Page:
One of the biggest personalities I’ve ever met was my husband’s cat Chichi.
When I first started staying over at Alister’s house, Chichi would stretch out in the hall and hiss and lash out at me when I walked past. What a horrible cat, I thought, but kept it to myself, having seen how devoted my future husband was to this gigantic black and white tom. His timid rescued dog, Bart, received the same treatment from Chichi – random swipes to keep him in order. Chichi was definitely the king of that castle. And as I was allergic to cats, whenever I stayed over, he was banned from his usual sleeping place beside Alister’s head and shut out of the bedroom – no wonder he hated me.
We decided to move in together and were packing up Aliser’s house one Saturday when my daughter came running in. ‘Chichi’s caught a bird and it’s got red on it.’
Blood we presumed, as we ran outside. Chichi was quite a hunter – half-dead birds, mice and baby rabbits were regularly deposited on the living room floor. Sometimes Chichi gorged himself on his kill then regurgitated the animal’s remains all over the floor. But this time he had excelled himself: a green and red parakeet lay dead on the lawn beside him, a metal identity tag around its leg. Oh dear…someone, somewhere, shouldn’t have left a cage door open…
Chichi’s attitude towards me changed when we moved into our new house. He was a clever cat and must have sensed I now had as much right to be there as he did. But poor Bart was still bottom of the heap: we bought new beds for them, but Chichi often chased Bart out of his and took the bigger of the beds for himself.
One thing Chichi loved about our new home was when my eight-year old daughter’s friends came round – he craved attention and liked nothing better than getting passed around a group of noisy children. His sister Mingming was a different type of cat; shy and nervous she kept as far away from kids as possible. Once the oldest of our two baby boys started crawling, Mingming, who had been startled by their shrieking and crying from the moment they were born, packed her bags and moved in with our next door neighbour, where she lived happily until her death.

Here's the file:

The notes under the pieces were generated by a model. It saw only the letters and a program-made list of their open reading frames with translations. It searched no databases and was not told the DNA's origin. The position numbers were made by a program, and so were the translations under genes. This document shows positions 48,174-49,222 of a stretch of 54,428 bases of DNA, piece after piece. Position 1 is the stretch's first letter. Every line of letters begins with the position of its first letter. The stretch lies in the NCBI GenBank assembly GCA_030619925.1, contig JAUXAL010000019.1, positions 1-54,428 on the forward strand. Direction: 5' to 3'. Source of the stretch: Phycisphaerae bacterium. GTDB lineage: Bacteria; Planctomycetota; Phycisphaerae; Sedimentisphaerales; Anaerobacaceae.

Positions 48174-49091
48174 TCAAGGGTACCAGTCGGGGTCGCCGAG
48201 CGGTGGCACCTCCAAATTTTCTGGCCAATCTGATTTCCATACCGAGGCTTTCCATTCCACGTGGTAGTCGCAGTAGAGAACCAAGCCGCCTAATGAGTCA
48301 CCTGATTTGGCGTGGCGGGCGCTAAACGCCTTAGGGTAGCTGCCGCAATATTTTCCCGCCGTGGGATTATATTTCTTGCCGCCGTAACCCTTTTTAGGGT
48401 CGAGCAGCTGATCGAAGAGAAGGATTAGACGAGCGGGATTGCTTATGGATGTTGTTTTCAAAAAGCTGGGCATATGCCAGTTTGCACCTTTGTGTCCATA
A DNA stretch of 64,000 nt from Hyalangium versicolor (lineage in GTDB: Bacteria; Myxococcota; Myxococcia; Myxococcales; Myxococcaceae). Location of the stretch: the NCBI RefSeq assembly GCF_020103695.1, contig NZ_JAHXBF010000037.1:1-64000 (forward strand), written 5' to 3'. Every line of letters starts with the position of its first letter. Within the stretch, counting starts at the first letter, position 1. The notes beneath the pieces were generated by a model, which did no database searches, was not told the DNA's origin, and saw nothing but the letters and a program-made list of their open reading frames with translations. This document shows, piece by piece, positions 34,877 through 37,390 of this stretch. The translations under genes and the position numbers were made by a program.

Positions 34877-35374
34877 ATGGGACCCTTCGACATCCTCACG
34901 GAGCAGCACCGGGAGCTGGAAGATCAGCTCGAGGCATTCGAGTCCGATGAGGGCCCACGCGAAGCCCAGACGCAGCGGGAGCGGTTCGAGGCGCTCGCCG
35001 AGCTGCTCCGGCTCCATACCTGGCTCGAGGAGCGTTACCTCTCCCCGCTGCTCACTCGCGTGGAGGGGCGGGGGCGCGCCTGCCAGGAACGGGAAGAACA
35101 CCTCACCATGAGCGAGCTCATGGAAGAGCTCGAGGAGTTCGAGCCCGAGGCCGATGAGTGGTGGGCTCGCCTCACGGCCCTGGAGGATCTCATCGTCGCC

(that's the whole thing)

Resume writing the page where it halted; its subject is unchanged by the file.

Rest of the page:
Chichi ruled the roost, infuriating us every evening – every time we would sit down he would yowl persistently for us to get back up and let him out, then scratch noisily at the back door, up on his hind legs, to be let back in again.
When he was about fifteen, he was diagnosed with diabetes and would have to get twice daily injections of insulin. We thought he’d die – what cat was going to tolerate having a needle jabbed into him morning and night? But we were astonished that Chichi seemed to enjoy it. He sought out his injections. Once or twice I phoned Alister at work because Chichi was sitting beside the fridge meowing – and sure enough, it was because he’d forgotten to give him his jab.
We were all heart broken when Chichi died, age seventeen. We still have the scratch marks on our back door to remember him by.
Clip: a very tolerant cat.